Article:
Victims of a French pedophile priest are asking the Vatican to push their abuser’s archdiocese to pay them compensation.
Driving the news
About 15 of the victims of sex offender and former Father Bernard Preynat wrote in July to the Supreme Tribunal of the Apostolic Signatura in the Vatican, the Church’s ‘Supreme Court’, as The Tablet reports.
Their complaint is that the Archdiocese of Lyon enabled the abuse of Preynat, since it kept the predator priest in ministry until 2015 despite reports of him abusing in the 70s and 80s.
“Successive bishops (since the early 1980s) knew that Bernard Preynat was a criminal pedophile and they chose to keep him in contact with children, knowingly, without any measure of control”, one victim denounced to Rome.
“The Lyon archdiocese must bear the responsibility for these facts”, the victim said.
The survivors of Preynat’s abuse are also calling for Bruno Gonçalves to step aside from his position as president of the Lyon archdiocesan court.
That was the court that defrocked Preynat in July this year and would handle compensation claims against him.
Gonçalves was appointed to his post by Lyon Archbishop Cardinal Philippe Barbarin, who was convicted in March by a civil court for not reporting Preynat’s abuse to the police.
“I question [Gonçalves’] level of neutrality,” one victim wrote to the Vatican.
Why it matters
More than twenty of Preynat’s alleged victims have filed for damages of over 10,000 euros each.
But Preynat says he hasn’t got the money to fund the claims.
The archdiocese of Lyon has also so far refused to suggest where the money could come from.
For the record
In the meantime, a film of the story of some of Preynat’s victims – By the Grace of God – is being hailed as the French Spotlight, the 2015 Oscar-winning movie on the clergy sex abuse scandal in the Boston archdiocese, in the US.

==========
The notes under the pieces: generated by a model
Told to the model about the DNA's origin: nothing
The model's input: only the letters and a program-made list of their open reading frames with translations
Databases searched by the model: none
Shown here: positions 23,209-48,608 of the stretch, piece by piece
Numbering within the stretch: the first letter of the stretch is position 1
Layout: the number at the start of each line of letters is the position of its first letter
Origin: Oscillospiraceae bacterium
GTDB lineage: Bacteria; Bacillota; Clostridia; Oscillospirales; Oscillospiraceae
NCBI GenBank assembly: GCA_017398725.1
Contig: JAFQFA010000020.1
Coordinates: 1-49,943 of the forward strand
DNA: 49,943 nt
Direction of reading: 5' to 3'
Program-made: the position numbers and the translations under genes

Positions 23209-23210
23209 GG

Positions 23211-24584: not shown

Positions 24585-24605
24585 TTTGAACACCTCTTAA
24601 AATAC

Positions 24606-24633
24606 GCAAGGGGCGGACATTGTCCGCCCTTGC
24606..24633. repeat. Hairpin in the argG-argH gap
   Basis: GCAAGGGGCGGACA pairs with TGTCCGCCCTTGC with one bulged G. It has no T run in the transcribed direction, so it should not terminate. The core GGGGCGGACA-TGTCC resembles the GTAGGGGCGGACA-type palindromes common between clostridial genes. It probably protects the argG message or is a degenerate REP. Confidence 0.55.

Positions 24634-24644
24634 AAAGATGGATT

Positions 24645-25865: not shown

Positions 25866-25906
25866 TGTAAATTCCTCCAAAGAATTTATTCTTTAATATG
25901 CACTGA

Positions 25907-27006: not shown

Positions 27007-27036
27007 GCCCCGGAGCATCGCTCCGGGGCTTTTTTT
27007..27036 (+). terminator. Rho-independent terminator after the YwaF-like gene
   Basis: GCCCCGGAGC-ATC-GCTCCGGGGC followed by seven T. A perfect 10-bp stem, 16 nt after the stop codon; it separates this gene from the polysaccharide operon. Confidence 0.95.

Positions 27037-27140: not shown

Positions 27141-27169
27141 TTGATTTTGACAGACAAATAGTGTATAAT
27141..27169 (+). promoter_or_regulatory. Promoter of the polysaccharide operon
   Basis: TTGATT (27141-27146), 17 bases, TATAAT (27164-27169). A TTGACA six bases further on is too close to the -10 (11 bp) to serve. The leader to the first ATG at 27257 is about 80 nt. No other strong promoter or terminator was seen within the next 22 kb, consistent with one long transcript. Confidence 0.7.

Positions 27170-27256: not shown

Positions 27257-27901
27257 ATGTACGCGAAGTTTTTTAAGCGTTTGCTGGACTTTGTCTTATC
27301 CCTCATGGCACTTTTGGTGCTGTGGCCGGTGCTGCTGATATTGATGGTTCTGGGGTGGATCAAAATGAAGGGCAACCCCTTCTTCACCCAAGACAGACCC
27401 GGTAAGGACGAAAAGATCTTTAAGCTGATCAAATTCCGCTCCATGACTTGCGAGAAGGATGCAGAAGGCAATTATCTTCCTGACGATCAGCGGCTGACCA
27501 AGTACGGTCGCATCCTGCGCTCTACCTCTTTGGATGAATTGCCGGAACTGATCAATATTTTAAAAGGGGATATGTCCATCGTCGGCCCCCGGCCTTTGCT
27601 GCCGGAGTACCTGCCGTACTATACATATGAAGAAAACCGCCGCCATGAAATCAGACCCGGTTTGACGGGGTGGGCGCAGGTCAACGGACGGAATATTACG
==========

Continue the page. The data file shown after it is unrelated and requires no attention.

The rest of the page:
“The two films are complementary”, Francois Ozon, director of By the Grace of God, told CNS.
“In Spotlight, the story is told from the point of view of the journalists. In my film, it’s from the point of view of the survivors”.
“I wanted to make a film about male fragility, to make a film to evoke expressions by the men”, Ozon explained to CNS.
“In cinema, men are all action, and only women are feeling. Men can cry, too. I was looking for a subject, I looked at what happened in Lyon, and I decided to tell the story at this moment”.
“Many Catholics came to watch the film” when it premiered in France in February, the director said, adding that the movie sold a million tickets in its first few days in cinemas.
“Many of them are upset about all the story of Preynat in the Church. They want to turn the page”, Ozon reflected.
Next on Novena:
Latest posts by Novena (see all)
- Irish bishop pleads: “We owe it to generations yet unborn to work together to sustain life on this planet, to protect God’s creation” - September 8, 2020
- Pax Christi expresses “admiration” for nonviolent protesters in Belarus - September 7, 2020
- US Bishops reaffirm opposition to death penalty: “Even a person who has sinned terribly does not forfeit their human dignity” - September 2, 2020